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The devastating experience of searching for a loved one who’s disappeared-acclaimed NFB short doc this river premieres online, November 25 Stream it free-of-charge from NFB.ca and partner platforms


this river award

November 24, 2016 – Vancouver – National Film Board of Canada (NFB)

Starting November 25, the International Day for the Elimination of Violence Against Women, Canadians everywhere can access Katherena Vermette and Erika MacPherson’s award-winning National Film Board of Canada (NFB) short documentary this river free-of-charge on NFB.ca, the NFB’s YouTube channel, as well as on the CBC Docs channel’s online shorts platform.

Watch this powerful short documentary on the platform of your choice, or download it from NFB.ca. It’s a 20-minute Indigenous perspective on the devastating experience of searching for a loved one who’s disappeared―and a film you won’t forget.

Winner of the Coup de coeur du jury award at its world premiere at the Montréal First Peoples Festival, this river is written and directed by Katherena Vermette, a Métis writer, and filmmaker Erika MacPherson.

The film focuses on Vermette and Kyle Kematch, Winnipeggers who have both experienced the heartbreak of losing a loved one. Kyle has a sister who went missing over five years ago. He now works with Drag the Red, a volunteer organization that searches the Red River for clues relating to missing members of the Indigenous community. Vermette’s poetry stems from a family tragedy of her own, which took place over 20 years ago. Though their stories are different, they each exemplify the beauty, grace, resilience, and activism born out of the need to do something. this river is produced by Alicia Smith and executive produced by David Christensen for the NFB’s North West Studio.

The film has also inspired an Instagram companion piece, What Brings Us Here, now online. Created by author and filmmaker Katherena Vermette and Alicia Smith, What Brings Us Here profiles volunteers of Drag the Red and the Bear Clan Patrol, grassroots MMIWG and MMIP movements in Winnipeg. These dedicated individuals patrol neighbourhoods and search the banks and water of the Red River in response to the problem of missing people in their community.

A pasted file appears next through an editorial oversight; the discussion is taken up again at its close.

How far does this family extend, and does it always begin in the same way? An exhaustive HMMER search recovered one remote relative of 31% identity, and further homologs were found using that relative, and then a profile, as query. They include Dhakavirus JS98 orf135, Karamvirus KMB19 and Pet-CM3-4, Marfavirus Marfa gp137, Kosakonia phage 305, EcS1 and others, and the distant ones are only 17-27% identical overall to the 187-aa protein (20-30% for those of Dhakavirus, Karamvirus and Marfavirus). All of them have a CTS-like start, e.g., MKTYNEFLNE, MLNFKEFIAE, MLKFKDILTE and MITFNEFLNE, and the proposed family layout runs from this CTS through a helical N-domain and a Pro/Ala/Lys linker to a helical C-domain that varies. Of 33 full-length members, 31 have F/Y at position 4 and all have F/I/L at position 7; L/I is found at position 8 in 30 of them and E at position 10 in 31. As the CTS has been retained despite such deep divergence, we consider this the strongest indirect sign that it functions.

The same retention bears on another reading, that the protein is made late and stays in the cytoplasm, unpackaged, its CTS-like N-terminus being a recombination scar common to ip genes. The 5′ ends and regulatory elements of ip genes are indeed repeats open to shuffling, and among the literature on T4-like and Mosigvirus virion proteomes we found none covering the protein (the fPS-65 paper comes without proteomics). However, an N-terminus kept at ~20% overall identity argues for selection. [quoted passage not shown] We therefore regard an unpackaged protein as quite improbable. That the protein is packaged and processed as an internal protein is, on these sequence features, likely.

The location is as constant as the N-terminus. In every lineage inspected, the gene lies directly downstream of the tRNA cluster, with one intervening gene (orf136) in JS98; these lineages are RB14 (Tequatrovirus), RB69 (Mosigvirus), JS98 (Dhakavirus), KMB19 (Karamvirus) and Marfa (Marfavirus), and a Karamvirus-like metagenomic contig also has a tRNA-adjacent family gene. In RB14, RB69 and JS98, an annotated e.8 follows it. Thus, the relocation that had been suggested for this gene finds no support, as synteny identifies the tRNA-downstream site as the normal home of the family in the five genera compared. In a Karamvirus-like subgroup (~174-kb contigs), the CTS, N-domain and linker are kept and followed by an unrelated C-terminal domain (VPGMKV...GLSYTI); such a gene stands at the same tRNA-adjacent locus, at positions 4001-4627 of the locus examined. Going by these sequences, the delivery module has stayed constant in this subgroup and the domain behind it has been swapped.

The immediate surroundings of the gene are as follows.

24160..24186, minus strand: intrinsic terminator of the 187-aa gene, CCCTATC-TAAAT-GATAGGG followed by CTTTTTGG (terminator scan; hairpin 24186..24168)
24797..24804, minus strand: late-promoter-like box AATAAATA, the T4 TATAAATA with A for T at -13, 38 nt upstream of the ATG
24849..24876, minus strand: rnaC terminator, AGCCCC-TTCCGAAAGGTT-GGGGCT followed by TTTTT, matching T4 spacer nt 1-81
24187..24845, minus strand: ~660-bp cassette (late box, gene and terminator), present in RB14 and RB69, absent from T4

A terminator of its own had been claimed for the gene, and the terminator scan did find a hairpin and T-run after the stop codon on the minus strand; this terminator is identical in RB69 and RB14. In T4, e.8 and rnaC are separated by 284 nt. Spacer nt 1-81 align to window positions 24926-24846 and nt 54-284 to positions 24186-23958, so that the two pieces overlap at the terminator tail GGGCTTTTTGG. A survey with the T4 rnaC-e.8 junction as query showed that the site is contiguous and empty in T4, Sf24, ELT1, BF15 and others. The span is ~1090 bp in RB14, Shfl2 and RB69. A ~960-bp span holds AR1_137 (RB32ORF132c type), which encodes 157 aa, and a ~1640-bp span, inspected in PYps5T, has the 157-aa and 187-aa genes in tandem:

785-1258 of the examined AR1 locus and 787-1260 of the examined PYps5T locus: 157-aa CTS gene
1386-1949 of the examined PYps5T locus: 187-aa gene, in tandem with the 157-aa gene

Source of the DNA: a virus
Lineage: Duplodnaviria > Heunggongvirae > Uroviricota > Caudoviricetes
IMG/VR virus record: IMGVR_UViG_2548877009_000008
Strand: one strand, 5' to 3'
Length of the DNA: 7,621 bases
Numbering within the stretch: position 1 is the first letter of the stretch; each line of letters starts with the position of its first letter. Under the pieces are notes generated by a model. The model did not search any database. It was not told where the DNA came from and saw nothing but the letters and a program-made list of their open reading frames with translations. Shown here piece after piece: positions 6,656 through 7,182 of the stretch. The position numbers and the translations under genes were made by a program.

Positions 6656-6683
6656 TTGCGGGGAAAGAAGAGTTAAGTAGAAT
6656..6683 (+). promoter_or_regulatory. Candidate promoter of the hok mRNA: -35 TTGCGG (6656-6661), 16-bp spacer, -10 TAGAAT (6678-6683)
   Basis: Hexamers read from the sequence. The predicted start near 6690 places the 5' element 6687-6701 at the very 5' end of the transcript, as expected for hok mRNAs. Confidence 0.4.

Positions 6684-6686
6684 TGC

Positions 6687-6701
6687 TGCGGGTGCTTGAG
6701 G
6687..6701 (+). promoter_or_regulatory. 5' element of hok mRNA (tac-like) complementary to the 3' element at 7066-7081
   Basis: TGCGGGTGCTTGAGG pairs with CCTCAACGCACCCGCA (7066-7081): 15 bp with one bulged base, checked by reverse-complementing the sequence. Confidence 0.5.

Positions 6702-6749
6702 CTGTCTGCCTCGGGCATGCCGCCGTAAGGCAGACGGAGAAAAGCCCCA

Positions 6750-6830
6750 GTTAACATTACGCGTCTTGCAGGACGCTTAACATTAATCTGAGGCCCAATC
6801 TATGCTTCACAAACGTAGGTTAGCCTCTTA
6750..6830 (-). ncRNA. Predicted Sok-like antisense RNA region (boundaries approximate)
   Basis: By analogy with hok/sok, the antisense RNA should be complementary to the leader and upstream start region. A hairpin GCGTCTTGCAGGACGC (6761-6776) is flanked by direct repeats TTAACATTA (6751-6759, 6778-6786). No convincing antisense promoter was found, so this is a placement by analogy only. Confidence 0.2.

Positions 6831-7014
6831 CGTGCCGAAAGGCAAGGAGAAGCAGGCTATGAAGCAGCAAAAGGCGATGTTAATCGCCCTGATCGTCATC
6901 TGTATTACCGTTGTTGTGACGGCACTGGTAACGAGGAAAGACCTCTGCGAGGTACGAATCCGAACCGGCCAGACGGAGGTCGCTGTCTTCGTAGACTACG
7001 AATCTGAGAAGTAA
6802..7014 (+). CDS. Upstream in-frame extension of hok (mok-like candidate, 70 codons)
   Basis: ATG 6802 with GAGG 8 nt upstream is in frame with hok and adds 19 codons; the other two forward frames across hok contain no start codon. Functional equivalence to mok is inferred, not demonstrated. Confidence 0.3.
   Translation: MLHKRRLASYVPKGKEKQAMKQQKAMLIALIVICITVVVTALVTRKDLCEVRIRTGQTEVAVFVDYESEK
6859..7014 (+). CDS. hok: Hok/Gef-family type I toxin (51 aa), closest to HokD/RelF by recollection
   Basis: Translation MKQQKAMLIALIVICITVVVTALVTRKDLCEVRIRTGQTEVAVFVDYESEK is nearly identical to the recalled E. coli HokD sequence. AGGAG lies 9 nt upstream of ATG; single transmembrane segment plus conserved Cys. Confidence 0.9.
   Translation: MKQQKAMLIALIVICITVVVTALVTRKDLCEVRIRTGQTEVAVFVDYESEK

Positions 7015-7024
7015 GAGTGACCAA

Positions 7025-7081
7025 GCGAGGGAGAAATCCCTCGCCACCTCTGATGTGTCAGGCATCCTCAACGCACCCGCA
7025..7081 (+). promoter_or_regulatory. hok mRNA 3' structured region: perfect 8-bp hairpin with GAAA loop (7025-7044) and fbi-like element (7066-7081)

About the filmmakers

Katherena Vermette is a Métis writer of poetry, fiction and children’s literature. Her first book, North End Love Songs, won the 2013 Governor General’s Literary Award for Poetry and was the 2015 selection for On the Same Page, Manitoba’s province-wide book club. Her work has appeared in several literary magazines and anthologies. Her first novel, The Break, was published this year.

Erika MacPherson’s video art and documentary films have screened at festivals and galleries internationally. She is currently in post-production on a film about her settler heritage. Erika makes her home in Winnipeg, Manitoba, Treaty One territory.

Alicia Smith is a producer for the NFB in Winnipeg, where she works with filmmakers and artists to create documentary, animation and interactive audiovisual works. Her recent credits include producing this river as well as co-writing and producing (with Igloolik-based filmmaker Bonnie Ammaaq) Nowhere Land (2015), which won Best Short Documentary at Toronto’s imagineNATIVE festival. Alicia’s interactive credits include such projects as God’s Lake Narrows (2011) and Seven Digital Deadly Sins (2014), both Webby Award winners.


Associated Links

International Day for the Elimination of Violence Against Women

NFB’s YouTube channel

CBC Docs channel’s online shorts platform

What Brings Us Here

Media Relations

  • About the NFB

    The NFB is Canada’s public producer and distributor of award-winning documentaries and auteur animation, working with talented creators across the country. The NFB is taking action to combat systemic racism and become a more open and diverse organization, while working to strengthen Indigenous-led production and gender equity in film. NFB productions have won more than 7,000 awards, including 12 Oscars. To access this unique content, visit NFB.ca.